Published : August 21, 2019
It is a growing fact that online trading is fast and inexpensive. However, there is a price associated with it. I will scrutinize the aspect of online trading vs. traditional full-service brokers to see how technology is impacting retail investors and traders. More precisely I will focus on whether technology is helping or hurting investors and traders in the Indian stock-market.
With the advent of technology in the sector, you now can place trades from anywhere without ever having to speak to a live relationship manager. The only basic requirement you will need is an internet connection and a device to support your trading terminals. However, there are limitations on the use of technology to a retail investor or trader, especially in the Indian scenario. The reality is that the speed and efficiency of online trading depend entirely on the supporting technology infrastructure.
However, such supporting technology infrastructure is still in its nascent phase of development that itself limits its full utilization. Moreover, there is a high possibility that they could malfunction at critical moments of punching your trades. Other potential areas of concern from retail investors perspective includes personalized customer service and feedback for investment decisions. Let us now explore the major limiting factors of technology in the Indian broking industry at large.
Excessive technology-based online trading is good for big players who can afford costly hardware to support such a trading system. Such a technology-based system though available for retailors is of little benefit to them. In fact, it is not very much suitable for trading and investment in the market by retail investors. In general, when there are high volumes on volatile trading days it slows processing speeds as well as information flow. This may result in substantial losses. This might be due to the fact that it will be hard to place the required buy or sell orders in such fast-moving markets.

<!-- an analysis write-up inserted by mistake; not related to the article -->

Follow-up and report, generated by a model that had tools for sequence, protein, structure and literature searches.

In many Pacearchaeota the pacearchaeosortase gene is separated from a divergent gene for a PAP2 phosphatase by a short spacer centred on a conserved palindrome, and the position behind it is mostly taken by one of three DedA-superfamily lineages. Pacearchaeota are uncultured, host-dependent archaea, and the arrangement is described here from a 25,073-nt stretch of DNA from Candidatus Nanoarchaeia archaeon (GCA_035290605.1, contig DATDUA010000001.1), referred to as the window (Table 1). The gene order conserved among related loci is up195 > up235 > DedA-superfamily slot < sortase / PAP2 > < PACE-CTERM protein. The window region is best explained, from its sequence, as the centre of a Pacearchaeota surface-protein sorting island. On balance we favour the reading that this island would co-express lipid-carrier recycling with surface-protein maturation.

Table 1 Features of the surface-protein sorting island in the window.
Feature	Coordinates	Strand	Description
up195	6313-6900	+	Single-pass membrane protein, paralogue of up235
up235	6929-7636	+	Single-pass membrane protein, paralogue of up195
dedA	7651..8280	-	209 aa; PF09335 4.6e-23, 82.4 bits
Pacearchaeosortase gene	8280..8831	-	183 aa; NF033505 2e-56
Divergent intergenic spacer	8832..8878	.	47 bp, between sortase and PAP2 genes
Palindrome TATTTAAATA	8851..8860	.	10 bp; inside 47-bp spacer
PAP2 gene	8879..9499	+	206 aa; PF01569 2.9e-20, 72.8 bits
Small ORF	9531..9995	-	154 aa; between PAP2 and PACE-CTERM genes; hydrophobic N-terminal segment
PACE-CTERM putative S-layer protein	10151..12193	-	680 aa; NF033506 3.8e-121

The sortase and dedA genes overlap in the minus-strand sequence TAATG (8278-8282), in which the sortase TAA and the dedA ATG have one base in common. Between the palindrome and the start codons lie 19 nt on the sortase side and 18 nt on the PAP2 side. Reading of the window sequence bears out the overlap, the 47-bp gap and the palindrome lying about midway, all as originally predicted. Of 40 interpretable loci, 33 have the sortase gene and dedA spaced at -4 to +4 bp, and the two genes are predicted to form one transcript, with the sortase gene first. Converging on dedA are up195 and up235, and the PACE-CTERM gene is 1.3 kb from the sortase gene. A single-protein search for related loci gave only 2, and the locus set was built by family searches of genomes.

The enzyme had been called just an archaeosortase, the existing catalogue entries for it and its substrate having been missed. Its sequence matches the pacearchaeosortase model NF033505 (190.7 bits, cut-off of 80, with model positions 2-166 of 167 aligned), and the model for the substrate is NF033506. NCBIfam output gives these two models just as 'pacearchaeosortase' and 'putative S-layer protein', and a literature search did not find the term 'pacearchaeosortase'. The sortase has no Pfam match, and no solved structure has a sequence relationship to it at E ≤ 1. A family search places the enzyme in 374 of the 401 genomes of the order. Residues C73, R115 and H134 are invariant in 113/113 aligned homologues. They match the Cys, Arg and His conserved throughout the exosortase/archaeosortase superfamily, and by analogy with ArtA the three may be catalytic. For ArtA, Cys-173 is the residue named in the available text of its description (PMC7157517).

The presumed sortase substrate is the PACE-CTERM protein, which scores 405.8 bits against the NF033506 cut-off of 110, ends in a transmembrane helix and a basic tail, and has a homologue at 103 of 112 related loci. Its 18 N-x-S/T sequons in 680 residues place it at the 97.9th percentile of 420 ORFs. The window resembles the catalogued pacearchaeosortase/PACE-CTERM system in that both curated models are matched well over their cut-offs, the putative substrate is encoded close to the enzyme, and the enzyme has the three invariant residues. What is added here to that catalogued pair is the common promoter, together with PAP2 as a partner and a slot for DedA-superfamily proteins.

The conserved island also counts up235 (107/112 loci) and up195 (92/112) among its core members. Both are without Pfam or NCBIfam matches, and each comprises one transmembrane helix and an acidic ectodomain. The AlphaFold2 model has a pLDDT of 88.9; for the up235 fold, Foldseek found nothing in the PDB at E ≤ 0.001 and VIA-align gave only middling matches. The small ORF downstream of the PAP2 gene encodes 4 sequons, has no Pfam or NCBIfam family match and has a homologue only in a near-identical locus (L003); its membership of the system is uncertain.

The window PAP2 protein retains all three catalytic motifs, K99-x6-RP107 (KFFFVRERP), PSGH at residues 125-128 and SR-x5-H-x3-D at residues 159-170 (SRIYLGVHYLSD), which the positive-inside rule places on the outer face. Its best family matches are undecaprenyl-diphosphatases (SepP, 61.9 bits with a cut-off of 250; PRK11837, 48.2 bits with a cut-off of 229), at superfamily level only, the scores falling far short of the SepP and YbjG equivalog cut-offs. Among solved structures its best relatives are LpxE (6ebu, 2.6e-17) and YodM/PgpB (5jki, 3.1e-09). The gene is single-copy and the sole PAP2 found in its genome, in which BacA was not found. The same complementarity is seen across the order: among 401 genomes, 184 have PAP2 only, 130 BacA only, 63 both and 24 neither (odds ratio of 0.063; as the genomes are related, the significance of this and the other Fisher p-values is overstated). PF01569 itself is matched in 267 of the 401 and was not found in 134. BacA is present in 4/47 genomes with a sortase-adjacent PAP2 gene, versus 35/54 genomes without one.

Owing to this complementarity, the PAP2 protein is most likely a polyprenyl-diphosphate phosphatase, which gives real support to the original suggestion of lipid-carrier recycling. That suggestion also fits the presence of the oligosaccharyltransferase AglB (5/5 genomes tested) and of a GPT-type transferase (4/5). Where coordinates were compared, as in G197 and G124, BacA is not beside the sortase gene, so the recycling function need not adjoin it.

Moreover, there is every chance for the software bugs to make hurdle while you trade online. Such bugs can lead to delays in getting price quotes and information on your order status. Thus, this also could result in trading losses. Because you might enter orders based on delayed price quotes or order-execution reports.
Furthermore, retail investors like you and me mostly depend on secondary sources of information using the internet and cellular service providers. So, if these internet and cellular services malfunctions, you would receive un-timely information or even will miss placing your critical trades.
The online brokers have a lean cost structure. Due to such low-cost structure, such brokers offer discounts on commissions. One of the greatest disadvantages comes out of this. You might have to wait a long time to place a trade over the phone, in a volatile market situation. As because trained and certified relationship managers cost money to the broker and they cant divert those costly relationship managers to a client who is availing the online broking services.
Suppose that you placed an order to buy some stock on a particular day in the morning. However, the market turned out to be negative and you need to exit from your position before its too late to book a hefty loss on the open position. Further, there might be a situation like your online portal malfunctions or your internet connection is down. So you need to place the exit order over the phone. But your phone call will be entertained by your online broker personal only when the relationship manager got free from their regular client. Even you might not get a chance to exit on the same day due to a high number of trades on that day resulting in heavy loss to you.
Furthermore, you might not be able to place orders over the phone like spread orders that involve options. Brokers might assign priority to high-net-worth clients and active traders, which could lengthen wait times for average investors. Also, administrative actions, such as exchanging funds between accounts or transferring positions between brokerages, might take longer time and limit your actual trading opportunities.